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Livin the dream...
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I am 18 and in very good shape. As far as physical fitness goes there is no reason I shouldn't be able to keep up with 99% of roofers.

I have been doing construction since I could drive and in that time have probably put on around 15 roofs. But due to lack of experience and knowledge I can't seem to keep up with one of the guys I work with who has a lot more experience but is not as physically fit.

I was just wondering what techniques you guys have found to make shingling faster.

For example: How do you end your rows? Some guys go flush with the drip edge some guys go 3/8 past? Some cut with a utility knife some nail the shingle then cut it with a shingle snip?

What do you guys do as far as chalking lines? How often? Do you chalk all lines before you start or chalk as you go?

How many rows do you start and then take through before finishing them out?

Any tips for nailing them faster?

Where do you keep your stack of shingles while nailing?

Thanks for the tips. I know that I take a lot more than I can give to these forums but I am thankful for your generosity in sharing all your wisdom.:thumbsup:
 

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Quantity does not equal quality. I am sure the customer would much prefer the roof take 10 hours instead of 8 but be confident that things wern't rushed and nails were properly placed.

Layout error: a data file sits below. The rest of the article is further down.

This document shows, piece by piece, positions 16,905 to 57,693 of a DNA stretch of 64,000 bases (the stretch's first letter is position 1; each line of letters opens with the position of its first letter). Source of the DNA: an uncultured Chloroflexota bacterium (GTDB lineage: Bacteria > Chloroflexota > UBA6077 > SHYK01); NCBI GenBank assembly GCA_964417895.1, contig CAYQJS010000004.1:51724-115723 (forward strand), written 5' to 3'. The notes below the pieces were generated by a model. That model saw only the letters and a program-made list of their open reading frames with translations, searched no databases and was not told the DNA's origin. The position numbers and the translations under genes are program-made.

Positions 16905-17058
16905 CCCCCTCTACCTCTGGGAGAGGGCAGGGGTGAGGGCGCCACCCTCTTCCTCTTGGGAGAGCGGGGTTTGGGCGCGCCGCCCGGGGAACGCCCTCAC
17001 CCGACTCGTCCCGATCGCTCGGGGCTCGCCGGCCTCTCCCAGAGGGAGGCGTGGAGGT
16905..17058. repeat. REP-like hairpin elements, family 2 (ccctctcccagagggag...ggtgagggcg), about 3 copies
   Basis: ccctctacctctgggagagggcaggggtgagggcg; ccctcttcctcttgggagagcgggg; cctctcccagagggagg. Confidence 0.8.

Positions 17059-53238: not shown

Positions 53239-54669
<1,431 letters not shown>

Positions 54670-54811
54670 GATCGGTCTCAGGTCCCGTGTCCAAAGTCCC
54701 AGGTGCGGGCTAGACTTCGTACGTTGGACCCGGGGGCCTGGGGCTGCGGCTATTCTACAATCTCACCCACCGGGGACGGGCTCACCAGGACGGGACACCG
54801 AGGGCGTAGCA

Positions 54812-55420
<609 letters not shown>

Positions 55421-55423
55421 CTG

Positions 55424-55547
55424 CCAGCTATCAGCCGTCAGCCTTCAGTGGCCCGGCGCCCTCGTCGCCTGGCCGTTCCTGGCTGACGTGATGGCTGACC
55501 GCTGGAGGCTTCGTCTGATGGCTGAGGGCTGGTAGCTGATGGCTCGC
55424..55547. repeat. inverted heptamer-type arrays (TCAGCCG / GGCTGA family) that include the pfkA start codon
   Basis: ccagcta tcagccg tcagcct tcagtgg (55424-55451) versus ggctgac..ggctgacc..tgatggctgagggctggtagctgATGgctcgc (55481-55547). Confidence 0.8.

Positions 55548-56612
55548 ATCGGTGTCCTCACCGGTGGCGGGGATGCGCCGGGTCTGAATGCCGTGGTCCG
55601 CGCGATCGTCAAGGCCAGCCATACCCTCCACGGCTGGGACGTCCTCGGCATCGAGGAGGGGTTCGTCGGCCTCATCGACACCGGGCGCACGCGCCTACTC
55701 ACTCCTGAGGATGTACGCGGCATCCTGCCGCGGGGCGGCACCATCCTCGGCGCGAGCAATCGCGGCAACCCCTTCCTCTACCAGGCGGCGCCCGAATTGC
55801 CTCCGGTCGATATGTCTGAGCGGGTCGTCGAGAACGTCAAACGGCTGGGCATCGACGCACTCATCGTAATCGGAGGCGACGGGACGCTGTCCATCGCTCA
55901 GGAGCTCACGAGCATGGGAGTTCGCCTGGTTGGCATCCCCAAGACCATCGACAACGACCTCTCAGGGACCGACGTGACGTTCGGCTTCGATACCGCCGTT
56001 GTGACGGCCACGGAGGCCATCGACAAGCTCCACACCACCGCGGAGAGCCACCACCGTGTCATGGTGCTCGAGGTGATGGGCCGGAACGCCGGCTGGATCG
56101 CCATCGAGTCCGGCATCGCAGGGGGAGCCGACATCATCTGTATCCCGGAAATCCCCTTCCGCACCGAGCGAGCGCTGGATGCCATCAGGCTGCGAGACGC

Shingling is all about speed. Practice makes perfect. I've seen some fatsos dance squares around young in shape guys. Why? Because they do it every day for 10 hours a day, for 10 years.

Going flush is bad. There should be some overhang as determined by the shingle manufacturer. Typically 1/2"-1". Some guys like to cut each shingle at the end of a row, some prefer to cut the whole ridge at once. I prefer to cut the whole ridge at Once. I personally feel you get a much straighter line than cutting each shingle one at a time.

Chalk lines every 3 courses of shingles with 3 tabs. If you are highly experienced you can get by not chalking the roof with architecturals, but if you are a rookie you should also chalk your lines with architecturals.

Stacks are usually at the ridge. I will have one bundle directly next to me that I am feeding from, and I drag it with me as I move. When it's empty I grab another bundle. Also while up, make sure your puch is full on nails. No reason to stand up twice, once to get shingles than again to get nails.
 

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I notice that a lot of the roofers here use a tin box for nails. There is a slot in the bottom for the shanks to fall through so that every nail that you grab is rightside up.
 

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though i do mostly trim and finish carpentry now, i still do a fair amount of roofing. i run a starter across the bottom and up the sides with a 1" overhang, cutting each shingle when it gets to the end i use another shingle as a straight edge to line up with the starter (easy to show, hard to describe). i also run a 45 pattern with all my shingles. i use a five inch reveal. using a 45 pattern you can do a full nail off without having to stop and lift a shingle to hit a blind nail. like grump stated, quality is much better than quantity. i do like him and stack the ridge and then feed off a bundle next to me. you will get faster as you get older, but learn to do it the BEST that you can.